I haven’t been traveling much the past few years. Then, largely as a consequence of getting laid off with enough severance that I didn’t immediately have to renew my taxi driver’s license to make ends meet, I’ve traveled a lot in the past three and a half months. My two trips back to the Midwest in that time, with their major on-the-road components, have made me aware of two otherwise invisible retail powerhouses growing up in (mostly) rural America.
Everyone thinks of Wal-Mart as the Great Destroyer of the old small-town business district. But what I’ve been seeing the last few months is a chain that seems to be sprouting up in those small downtowns — from Cottonwood Falls, Kansas, to Cairo, Illinois, and beyond. It’s the Dollar General store. I’ve only been in one. Eamon and I went into the one in Cottonwood Falls — seat of Chase County, made famous by William Least-Heat Moon’s “Prairyerth” — to buy something trivial; can’t remember what now. But the impression I got was it was the cheapest stuff off the cheapest freight container from the cheapest mass-produced-goods factory in the most horribly industrially anonymous part of China. Probably I have that all wrong — I should go back with notebook and camera and take another look. But it is attention-getting that they are everywhere. Everywhere.
Along with another chain: Buck’s General Store. Sounds homey, doesn’t it. Like maybe you read about Buck in “The Yearling” and he’s out whittling in his rocker on the front porch of the store. That was the old 19th century Buck. Now we’re talking about the 21st century Buck, who sells gasoline and cold drinks and sundries and every form and flavor of snack cake yet invented. In fact, Buck’s General Store is just 7-Eleven with a different layout and color scheme. But like 7-Eleven and Dollar General, it’s everywhere, too. (So is Dairy Queen, by the way; except when you really want a chocolate malt, when you can easily drive 1,000 miles without seeing one). I’m just wondering where they all came from. I know 15 minutes or so on the web will give me some sort of clue; and if the answer is interesting, I might even write more about it.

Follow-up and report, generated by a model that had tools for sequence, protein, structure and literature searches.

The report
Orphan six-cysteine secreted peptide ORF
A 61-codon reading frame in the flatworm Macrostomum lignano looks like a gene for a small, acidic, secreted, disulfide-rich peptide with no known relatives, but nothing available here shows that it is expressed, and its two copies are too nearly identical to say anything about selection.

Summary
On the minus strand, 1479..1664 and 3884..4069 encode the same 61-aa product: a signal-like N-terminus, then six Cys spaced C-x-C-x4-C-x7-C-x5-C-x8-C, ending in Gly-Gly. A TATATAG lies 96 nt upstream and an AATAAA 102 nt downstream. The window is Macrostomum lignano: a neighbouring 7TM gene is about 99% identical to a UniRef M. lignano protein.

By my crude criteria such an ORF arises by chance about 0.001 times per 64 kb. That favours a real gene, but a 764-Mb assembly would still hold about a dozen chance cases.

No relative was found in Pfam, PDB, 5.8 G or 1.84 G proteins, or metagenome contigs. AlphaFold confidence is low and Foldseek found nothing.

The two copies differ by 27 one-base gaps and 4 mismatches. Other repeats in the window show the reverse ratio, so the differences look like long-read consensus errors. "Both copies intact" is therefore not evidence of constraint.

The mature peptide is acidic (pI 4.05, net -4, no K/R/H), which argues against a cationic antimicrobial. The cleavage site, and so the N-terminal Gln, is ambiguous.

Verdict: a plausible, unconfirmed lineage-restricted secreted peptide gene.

(But before we leave the subject of by-the-highway retail altogether, another chain that has come to my attention, and actually gotten my money on two occasions, including today, is Cracker Barrel. It’s a store. It’s a restaurant. It’s a pile of knicknacks so weighty it would sink an aircraft carrier. On our June trip, Eamon had his eye out for one, since he remembered them fondly from his 1997 cross-country drive with him mom, Noela. We saw one in Columbia, Missouri, as we headed west on I-70. It was above-average for road food. I found passable postcards to send to Dad. Nothing happened that would stop me from visiting again.
(Today, we stopped at one just south of Springfield, Illinois. The way the store/restaurant is set up, you enter through tchotchke central after walking a gauntlet of oversized wooden rockers lined up unbucolically on a faux country-store porch outside. In fact, we saw one person in one of the 25 or so rockers, staring into the glare of the declining afternoon sun and the roar of interstate traffic, when we entered the place; and a different patron on solitary rocker duty in the very same chair on the way out. So we walked into the souvenir zone and, just like in Columbia, we were immediately greeted by an older woman shop employee inquiring into our welfare. When I told her I was fine and asked how she was doing, she answered with some sort of over-the-top superlative — I’m just doing fantastic, or something like that — that half made me expect I’d hear a Unification Church pitch next. Dad put his finger on it. “That was a little too much like Wal-Mart — just a little too friendly.”)